Urooj Zia, now at the Pakistan Times, has written probably the best available article on the inner mechanics of the violence that has presided over Karachi for the last two years since the post-Musharraf coalition took power. One feels for the PPP, having to keep a fractious coalition together, whilst having a stolid and ominously silent military establishment in the background. The MQM has been extravagantly mercurial, and the recent leaving the coalition, before Salman Taseer`s death, and then spontaneously returning is a tragedy framed by farce.
I had heard the land dealing aspect of the ANP/MQM fight, but Urooj's highlighting of Shahi Syed's former role as a real estate agent truly illuminated the opportunities, connections and conflicts of interest bought to bear on Karachi's deeply abused social fabric.
The second article that needs to be read is Timur Khan's Letter From Karachi, where he frames Karachi's violence within the larger context of constant rural-to-urban migration; a global phenomenon. He starts from close to my old house, a few areas away from the Korangi industrial estate, and the expanding slums beyond. Timur tries to place the assassination of Salman Taseer within the Karachi heavily educated, yet lower middle class frame where people were relatively muted about the assassination of Salman Taseer. He doesn`t come out and say that anyone from Karachi celebrated, but the condemnation was at the level of a murmur in Karachi. Taimur does not mention this, but my assessment could be that Karachi residents are sadly all too familiar with violence. The most significant part of the article is at the end; where Taimur Khan is with a group of young men and women in Orangi. He describes them thus "Each had completed high school; some were pursuing college degrees, and all had put themselves through private English-language courses. Their parents had migrated to Karachi in the 1970s and '80s and had spent their lives working as laborers in the city's nearby factories."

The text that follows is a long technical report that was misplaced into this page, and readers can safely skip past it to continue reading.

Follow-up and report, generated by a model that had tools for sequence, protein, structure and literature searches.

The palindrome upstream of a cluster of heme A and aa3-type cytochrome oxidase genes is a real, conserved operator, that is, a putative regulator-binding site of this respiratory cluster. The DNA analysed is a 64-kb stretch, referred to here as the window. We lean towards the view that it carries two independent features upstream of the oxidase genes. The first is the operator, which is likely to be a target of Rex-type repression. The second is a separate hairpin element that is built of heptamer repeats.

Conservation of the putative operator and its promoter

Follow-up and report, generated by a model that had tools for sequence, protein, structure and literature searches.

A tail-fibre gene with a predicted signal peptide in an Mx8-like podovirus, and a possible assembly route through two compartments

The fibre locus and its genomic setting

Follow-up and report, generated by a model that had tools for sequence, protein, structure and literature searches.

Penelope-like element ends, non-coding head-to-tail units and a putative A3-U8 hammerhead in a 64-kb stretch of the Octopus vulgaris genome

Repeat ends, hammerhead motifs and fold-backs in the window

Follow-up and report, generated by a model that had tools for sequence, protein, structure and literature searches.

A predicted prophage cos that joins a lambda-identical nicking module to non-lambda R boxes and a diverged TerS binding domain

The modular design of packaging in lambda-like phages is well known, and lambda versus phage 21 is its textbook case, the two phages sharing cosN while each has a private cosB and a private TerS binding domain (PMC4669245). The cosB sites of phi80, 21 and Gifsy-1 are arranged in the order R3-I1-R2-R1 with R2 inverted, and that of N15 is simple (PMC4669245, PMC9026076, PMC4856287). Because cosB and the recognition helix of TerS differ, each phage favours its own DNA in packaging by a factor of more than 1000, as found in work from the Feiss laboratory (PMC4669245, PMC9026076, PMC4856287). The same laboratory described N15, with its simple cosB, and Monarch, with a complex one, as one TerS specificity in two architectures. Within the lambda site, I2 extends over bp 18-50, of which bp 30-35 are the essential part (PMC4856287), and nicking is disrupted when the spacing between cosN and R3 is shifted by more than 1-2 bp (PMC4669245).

They were frustrated with "the 'unfair game' of lower-middle-class life in Karachi, where only those with political connections are able to work their way to prosperity". Please observe that this cohort is ready to work their way to prosperity. We already know that, but for those who run Karachi, this theme must be emphasized. Here is the sentence at the end of the essay that sums up every Karachi residents life, "They are only interested in social mobility, and they'll support any party that can help". Is the world beyond Orangi listening?